Sue Robb of 4Children talks to Julie Laughton and Alison Britton from the Department for Education about the role of childminders in delivering the 30 hours free entitlement.
High Street exits remain at historic high
New research has found that a record net 2,481 stores disappeared from Great Britain’s top 500 high streets last year, as openings slump to lowest levels on record.
The PwC research, compiled by the Local Data Company, shows that the number of store openings by multiple retailers on Britain’s top 500 high streets has dropped by 17.4 per cent year on year with the current rate of openings at nine stores per day. This represents a 44 per cent decrease from the 16 stores per day opening in 2013.
The shortfall between openings and closures reached its highest level since the beginning of the decade, as withdrawals from the high street were further dented by a historic low number of store openings.
The roll out of gyms leads the growth categories, as high streets begin to pivot away from retail; while other growth categories were dominated by entertainment and indulgence with bookshops, ice cream parlours and cake shops all in the top five.
Lisa Hooker, consumer markets leader at PwC, said: “The results are clear - 2018 was a turbulent year for retailers with a number of high profile store closures. We saw an acceleration in footfall decline on the high street with businesses continuing to see the impact of online shopping, increasing costs and subdued consumer spending.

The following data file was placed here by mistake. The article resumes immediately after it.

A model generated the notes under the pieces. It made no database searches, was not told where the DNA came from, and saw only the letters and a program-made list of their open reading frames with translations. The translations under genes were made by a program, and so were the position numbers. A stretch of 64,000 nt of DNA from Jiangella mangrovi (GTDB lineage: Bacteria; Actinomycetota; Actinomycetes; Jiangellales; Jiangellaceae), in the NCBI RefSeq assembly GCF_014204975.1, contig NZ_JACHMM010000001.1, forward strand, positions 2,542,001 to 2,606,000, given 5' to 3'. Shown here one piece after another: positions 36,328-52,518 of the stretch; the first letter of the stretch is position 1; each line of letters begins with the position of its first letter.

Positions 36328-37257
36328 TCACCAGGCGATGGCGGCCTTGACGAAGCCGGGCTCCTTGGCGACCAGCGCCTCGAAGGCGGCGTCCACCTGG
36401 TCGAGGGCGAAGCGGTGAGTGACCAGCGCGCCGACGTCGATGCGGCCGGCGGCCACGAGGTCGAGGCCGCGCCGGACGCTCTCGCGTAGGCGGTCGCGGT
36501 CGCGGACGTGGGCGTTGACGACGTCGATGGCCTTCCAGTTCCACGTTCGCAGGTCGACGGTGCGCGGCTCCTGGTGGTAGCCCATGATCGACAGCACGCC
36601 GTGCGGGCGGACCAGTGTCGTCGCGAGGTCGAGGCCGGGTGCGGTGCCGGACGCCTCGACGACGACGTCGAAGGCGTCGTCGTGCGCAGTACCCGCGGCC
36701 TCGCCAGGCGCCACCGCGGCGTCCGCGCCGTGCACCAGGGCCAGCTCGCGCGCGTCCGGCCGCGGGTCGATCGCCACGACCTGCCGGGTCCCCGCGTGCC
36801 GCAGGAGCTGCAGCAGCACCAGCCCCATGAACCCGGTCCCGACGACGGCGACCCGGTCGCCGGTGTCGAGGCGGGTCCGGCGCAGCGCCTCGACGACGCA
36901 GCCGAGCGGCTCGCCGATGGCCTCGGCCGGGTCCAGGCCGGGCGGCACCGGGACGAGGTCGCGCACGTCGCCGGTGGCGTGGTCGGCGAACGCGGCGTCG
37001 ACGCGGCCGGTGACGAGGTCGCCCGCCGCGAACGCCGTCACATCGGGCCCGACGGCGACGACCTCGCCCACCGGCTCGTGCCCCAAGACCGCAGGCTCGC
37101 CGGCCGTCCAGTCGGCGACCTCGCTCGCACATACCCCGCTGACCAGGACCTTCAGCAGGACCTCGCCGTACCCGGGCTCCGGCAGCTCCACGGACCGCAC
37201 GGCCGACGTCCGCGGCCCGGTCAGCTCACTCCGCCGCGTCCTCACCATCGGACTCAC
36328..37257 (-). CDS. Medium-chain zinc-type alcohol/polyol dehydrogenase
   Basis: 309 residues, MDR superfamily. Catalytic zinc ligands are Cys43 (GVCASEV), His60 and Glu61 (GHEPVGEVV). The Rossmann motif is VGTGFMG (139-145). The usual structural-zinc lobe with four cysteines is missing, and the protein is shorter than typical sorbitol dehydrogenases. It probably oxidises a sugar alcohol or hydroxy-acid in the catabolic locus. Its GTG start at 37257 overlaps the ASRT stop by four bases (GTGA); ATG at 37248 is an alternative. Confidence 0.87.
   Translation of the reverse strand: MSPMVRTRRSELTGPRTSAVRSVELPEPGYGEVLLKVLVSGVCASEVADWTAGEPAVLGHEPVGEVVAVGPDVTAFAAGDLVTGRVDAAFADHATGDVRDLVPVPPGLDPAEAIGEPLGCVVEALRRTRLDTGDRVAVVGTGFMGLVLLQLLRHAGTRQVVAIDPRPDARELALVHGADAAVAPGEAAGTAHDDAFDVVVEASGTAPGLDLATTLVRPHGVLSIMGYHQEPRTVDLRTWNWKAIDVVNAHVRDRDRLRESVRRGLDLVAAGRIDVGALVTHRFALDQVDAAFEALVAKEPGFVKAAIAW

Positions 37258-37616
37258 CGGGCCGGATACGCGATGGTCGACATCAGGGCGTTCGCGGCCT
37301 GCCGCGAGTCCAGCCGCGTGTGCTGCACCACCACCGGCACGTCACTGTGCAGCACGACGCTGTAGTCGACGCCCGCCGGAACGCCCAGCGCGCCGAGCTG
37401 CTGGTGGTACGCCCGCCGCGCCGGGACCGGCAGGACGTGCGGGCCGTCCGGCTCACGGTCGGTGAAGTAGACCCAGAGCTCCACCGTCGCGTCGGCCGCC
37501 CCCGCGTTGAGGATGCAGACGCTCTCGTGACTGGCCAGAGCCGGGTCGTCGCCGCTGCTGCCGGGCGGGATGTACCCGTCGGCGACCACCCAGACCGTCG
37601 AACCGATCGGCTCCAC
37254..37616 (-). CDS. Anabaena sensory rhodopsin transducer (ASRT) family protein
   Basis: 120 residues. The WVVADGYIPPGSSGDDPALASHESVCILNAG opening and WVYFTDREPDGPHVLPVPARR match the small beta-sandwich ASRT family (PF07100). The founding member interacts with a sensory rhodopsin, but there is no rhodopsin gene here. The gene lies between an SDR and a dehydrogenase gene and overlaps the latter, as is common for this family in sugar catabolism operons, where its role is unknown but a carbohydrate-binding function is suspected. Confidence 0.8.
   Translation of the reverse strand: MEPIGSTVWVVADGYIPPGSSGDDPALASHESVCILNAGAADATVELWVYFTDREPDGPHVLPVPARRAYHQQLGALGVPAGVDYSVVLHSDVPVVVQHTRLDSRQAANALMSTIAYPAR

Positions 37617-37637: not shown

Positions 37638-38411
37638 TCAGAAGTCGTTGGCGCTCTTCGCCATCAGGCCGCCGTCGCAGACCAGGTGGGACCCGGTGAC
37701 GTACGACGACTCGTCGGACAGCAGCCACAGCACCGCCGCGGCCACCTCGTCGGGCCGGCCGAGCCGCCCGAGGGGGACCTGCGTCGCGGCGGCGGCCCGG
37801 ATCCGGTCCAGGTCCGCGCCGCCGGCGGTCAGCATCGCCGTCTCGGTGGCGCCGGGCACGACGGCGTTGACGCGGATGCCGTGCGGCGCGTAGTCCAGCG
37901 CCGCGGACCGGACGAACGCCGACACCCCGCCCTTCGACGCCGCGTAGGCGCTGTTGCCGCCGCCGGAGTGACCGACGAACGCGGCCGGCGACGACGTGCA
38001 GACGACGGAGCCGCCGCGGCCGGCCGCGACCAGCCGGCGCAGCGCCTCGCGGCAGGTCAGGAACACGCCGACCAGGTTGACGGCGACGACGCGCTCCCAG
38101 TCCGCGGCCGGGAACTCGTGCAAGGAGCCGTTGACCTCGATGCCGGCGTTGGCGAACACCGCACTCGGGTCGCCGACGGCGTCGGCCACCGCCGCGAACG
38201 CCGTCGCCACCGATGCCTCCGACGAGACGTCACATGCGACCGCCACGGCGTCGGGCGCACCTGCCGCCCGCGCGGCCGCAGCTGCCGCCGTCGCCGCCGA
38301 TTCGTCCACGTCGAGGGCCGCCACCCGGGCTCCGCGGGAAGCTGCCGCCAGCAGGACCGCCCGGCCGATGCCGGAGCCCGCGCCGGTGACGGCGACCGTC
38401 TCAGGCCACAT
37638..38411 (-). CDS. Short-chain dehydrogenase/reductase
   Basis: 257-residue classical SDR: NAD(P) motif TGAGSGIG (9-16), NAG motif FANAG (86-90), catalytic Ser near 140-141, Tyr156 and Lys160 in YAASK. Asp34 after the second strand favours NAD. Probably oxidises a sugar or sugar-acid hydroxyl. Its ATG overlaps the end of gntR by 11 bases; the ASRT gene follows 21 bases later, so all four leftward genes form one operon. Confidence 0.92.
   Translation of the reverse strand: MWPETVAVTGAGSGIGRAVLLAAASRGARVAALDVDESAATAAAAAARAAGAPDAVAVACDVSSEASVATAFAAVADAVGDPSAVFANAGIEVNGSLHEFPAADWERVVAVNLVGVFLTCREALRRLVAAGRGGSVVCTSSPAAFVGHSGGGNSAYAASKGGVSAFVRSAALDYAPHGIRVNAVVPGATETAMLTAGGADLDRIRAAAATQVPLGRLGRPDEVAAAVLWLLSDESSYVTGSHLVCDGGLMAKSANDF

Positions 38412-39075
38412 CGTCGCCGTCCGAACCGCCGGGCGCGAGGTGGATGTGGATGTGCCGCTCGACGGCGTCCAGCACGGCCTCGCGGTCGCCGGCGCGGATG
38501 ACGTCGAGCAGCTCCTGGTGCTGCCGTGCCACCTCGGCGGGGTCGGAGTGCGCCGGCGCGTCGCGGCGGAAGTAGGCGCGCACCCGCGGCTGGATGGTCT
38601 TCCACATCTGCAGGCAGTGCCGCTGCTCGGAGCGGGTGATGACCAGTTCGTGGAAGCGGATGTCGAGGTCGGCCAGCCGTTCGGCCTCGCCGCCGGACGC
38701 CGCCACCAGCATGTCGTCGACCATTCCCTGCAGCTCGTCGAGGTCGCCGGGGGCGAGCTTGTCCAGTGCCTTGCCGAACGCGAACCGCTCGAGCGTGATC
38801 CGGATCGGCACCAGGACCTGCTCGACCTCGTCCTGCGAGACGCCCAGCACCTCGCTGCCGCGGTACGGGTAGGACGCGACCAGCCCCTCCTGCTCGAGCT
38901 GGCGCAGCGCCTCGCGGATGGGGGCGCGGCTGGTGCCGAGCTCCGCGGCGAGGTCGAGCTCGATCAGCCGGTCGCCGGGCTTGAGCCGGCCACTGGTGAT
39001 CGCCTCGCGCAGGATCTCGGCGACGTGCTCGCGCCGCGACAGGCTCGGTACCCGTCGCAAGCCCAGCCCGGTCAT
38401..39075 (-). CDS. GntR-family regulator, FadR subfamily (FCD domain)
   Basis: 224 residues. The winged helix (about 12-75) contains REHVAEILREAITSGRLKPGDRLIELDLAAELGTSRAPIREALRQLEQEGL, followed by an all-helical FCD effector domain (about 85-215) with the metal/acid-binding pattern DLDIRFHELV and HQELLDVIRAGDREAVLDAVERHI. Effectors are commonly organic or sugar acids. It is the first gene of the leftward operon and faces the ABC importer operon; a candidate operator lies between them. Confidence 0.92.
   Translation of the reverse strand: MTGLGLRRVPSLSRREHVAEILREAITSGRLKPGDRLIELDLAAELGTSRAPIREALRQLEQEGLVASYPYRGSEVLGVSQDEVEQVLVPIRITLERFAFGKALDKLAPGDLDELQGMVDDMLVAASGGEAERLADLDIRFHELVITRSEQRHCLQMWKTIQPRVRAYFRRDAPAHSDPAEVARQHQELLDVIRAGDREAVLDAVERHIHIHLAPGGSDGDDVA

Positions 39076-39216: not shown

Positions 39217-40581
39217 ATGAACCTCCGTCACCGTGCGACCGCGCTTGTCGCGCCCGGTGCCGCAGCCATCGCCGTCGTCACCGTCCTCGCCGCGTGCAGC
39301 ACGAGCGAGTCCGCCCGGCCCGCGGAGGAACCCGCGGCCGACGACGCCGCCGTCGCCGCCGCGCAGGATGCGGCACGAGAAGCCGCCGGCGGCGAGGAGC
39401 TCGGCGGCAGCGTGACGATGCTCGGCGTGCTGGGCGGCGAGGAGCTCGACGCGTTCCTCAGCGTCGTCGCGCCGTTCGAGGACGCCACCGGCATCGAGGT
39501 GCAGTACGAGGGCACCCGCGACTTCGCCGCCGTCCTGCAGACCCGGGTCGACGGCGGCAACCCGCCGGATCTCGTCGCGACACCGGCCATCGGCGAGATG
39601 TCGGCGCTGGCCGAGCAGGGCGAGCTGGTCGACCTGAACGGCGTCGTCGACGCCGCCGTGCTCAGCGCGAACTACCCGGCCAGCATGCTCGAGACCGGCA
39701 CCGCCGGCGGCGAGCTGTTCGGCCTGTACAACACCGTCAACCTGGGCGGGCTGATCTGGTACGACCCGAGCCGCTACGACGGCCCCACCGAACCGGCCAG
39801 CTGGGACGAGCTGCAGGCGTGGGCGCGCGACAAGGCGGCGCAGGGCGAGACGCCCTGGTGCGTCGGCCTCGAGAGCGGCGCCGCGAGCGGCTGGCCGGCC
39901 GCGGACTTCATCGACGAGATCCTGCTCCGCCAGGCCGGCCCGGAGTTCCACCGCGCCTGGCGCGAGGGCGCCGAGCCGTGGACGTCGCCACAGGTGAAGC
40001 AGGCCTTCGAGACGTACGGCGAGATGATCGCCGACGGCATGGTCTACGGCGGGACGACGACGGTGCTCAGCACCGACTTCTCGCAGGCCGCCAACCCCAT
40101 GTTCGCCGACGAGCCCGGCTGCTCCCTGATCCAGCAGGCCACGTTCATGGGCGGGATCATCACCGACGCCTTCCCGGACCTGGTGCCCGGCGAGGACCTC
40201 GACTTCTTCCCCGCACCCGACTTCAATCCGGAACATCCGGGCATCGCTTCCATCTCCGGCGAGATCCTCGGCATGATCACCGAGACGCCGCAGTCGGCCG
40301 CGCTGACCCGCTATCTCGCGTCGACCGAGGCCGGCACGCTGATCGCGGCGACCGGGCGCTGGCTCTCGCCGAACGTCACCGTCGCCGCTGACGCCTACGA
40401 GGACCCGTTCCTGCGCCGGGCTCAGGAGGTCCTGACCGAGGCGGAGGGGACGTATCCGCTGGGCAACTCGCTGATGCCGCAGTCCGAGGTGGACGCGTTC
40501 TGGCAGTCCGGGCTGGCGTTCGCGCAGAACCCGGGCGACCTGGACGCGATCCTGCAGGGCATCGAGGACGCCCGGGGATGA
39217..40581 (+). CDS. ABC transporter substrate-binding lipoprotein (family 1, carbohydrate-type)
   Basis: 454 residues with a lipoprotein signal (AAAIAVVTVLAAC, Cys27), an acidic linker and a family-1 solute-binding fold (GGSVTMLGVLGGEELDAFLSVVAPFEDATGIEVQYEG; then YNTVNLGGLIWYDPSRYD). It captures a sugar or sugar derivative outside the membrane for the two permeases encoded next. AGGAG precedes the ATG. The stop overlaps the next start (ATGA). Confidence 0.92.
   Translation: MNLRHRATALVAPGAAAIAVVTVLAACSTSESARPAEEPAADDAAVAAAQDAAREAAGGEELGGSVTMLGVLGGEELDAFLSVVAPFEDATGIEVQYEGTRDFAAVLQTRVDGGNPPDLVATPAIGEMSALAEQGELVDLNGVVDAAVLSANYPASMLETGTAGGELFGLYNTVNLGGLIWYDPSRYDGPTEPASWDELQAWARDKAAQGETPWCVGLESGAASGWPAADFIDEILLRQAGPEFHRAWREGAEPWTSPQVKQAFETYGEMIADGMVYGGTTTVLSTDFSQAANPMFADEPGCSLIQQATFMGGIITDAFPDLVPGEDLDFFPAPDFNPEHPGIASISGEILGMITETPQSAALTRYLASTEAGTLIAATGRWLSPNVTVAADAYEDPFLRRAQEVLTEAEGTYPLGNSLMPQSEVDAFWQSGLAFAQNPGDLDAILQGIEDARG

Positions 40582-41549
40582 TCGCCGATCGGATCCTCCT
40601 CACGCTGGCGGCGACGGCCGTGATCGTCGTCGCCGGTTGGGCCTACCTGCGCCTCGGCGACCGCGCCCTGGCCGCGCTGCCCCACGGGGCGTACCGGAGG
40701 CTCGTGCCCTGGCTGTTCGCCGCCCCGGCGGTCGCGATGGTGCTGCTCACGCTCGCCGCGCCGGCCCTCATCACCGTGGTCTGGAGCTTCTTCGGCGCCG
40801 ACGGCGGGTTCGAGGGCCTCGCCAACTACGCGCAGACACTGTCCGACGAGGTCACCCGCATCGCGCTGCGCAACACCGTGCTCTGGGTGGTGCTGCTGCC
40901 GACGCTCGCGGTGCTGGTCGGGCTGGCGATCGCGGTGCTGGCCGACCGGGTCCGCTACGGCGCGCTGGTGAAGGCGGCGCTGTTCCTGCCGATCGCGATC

“It’s interesting that the marked reduction in openings has accelerated the net closure trend. In categories as diverse as fashion and financial services, new entrants are able to gain share by launching online - enabled by technology and consumer adoption of mobile and e-commerce - rather than be saddled with the costs and risks of opening on the high street.
“The high street of the future will be a more diverse space, not solely dependent on stores. The analysis reflects this with the net growth of gyms and sports clubs, ice cream parlours and cake shops, in addition to initiatives to bring more shared office spaces and homes into what were traditionally shopping areas. However, it’s clear that the rate of openings is not currently enough to offset the closure of traditional retailers and services, so some tough decisions will need to be taken in the next few years.”
Looking at the first quarter of 2019, LDC data finds that closure rates remain high as 1,358 outlets alongside 849 openings.